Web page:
Mauritius wants to attract digital nomads to revive its tourism industry

By : Muriel Edjo

Date : vendredi, 11 mars 2022 17:51

Last updated : vendredi, 11 mars 2022 18:04

In the past decade, Mauritius has invested heavily in ICT to create a digital economy as announced in 2010. This has helped the country better cope with the economic crisis induced by Covid-19.

The Mauritian government has decided to leverage its digital assets to boost tourism, whose contribution to the country’s GDP plunged by 62.1% in 2020 due to Covid-19. From 19.5% of the GDP and $2.4 billion of revenues in 2019, the sector tumbled to 8.7% and $945.5 million in 2020.  

Now, the Island no longer focuses on using the Internet and the web for tourism promotion; rather, it wants to build a robust digital environment to attract location-independent workers. 

Last month, Nilen Vencadasmy (photo), chairman of the Mauritius Tourism Promotion Authority, started touring some African countries to sell this new vision. On 26th February, he was in South Africa which is considered an important market; 130,000 South Africans visited Mauritius in 2019.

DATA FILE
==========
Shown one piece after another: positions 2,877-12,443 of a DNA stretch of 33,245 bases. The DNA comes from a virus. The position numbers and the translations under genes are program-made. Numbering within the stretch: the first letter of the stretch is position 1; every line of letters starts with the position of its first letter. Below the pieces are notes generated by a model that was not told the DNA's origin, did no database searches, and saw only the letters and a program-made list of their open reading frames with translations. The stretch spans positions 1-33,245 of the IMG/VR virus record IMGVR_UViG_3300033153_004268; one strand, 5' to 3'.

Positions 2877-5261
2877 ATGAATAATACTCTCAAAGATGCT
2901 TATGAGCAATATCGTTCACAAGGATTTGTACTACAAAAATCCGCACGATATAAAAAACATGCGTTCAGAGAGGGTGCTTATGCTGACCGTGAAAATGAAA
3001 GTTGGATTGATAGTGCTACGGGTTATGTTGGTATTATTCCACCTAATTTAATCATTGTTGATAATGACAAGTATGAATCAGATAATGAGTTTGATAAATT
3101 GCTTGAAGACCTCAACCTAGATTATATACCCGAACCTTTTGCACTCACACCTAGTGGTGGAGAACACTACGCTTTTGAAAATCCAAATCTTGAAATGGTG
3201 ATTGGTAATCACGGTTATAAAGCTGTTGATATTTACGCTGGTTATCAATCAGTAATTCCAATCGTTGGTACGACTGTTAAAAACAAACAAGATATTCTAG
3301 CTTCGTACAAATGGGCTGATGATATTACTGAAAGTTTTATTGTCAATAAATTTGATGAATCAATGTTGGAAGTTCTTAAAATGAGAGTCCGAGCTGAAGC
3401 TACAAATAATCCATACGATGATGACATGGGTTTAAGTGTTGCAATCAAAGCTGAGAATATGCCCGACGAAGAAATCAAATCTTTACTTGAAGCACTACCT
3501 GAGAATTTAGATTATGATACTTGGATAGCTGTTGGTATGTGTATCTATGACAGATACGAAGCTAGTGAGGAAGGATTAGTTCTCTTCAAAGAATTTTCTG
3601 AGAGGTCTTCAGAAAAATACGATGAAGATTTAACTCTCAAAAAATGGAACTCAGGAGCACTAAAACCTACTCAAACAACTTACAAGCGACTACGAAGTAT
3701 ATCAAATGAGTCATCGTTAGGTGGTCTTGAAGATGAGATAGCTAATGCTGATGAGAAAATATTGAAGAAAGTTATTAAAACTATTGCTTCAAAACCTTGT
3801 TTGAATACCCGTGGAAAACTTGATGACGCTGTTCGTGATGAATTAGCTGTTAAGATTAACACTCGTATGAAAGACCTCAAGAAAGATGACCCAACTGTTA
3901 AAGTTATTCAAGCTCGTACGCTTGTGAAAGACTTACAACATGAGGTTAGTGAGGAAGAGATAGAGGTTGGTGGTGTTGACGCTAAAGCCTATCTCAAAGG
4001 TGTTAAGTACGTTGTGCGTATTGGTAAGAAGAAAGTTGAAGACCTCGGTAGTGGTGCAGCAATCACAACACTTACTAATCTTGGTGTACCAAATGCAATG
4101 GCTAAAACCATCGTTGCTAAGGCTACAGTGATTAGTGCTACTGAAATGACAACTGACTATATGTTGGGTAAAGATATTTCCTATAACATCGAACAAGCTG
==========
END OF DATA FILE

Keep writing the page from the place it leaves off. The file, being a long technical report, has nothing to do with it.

The Premium Travel Visa is the first digital asset that Mauritius will use to achieve its new ambitions. Launched on November 16, 2020, this one-year renewable residence permit granted to non-Mauritian nationals is accessible online. The Mauritius Economic Development Committee specifies that applicants for this permit must meet several criteria, including not being involved in the Mauritian labor market, proving that the main place of business and the source of income and profits are outside Mauritius. 

Mauritius' other digital assets are grouped into a digital ecosystem conducive to remote work. The country ranked 8th in Africa for average mobile Internet speed in January 2022 with 20.59 megabits per second (Mbps), as well as 7th in Africa for average fixed Internet speed with 19.88 Mbps, according to Speedtest Global Index.

As for the cost of the Internet,, in its report "Worldwide mobile data pricing 2021. The cost of 1GB of mobile data in 230 countries," ranks Mauritius 5th in sub-Saharan Africa for the average cost of accessing 1 Gigabit (GB): $0.75. The Portulans Institute and STL's Network Readiness Index 2021 rank the country among the best in Africa in terms of Internet coverage. In the International Telecommunication Union's (ITU) Global Cybersecurity Index 2020, Mauritius ranks first in the level of security of its information systems since 2014. 

By targeting digital nomads, Mauritius, which plans to "relax the entry protocol in the coming weeks," according to Nilen Vencadasmy, hopes to once more make tourism a strong contributor to GDP, not only by ensuring that the industry regains its previous dynamism but also by attracting quality visitors.

Muriel Edjo


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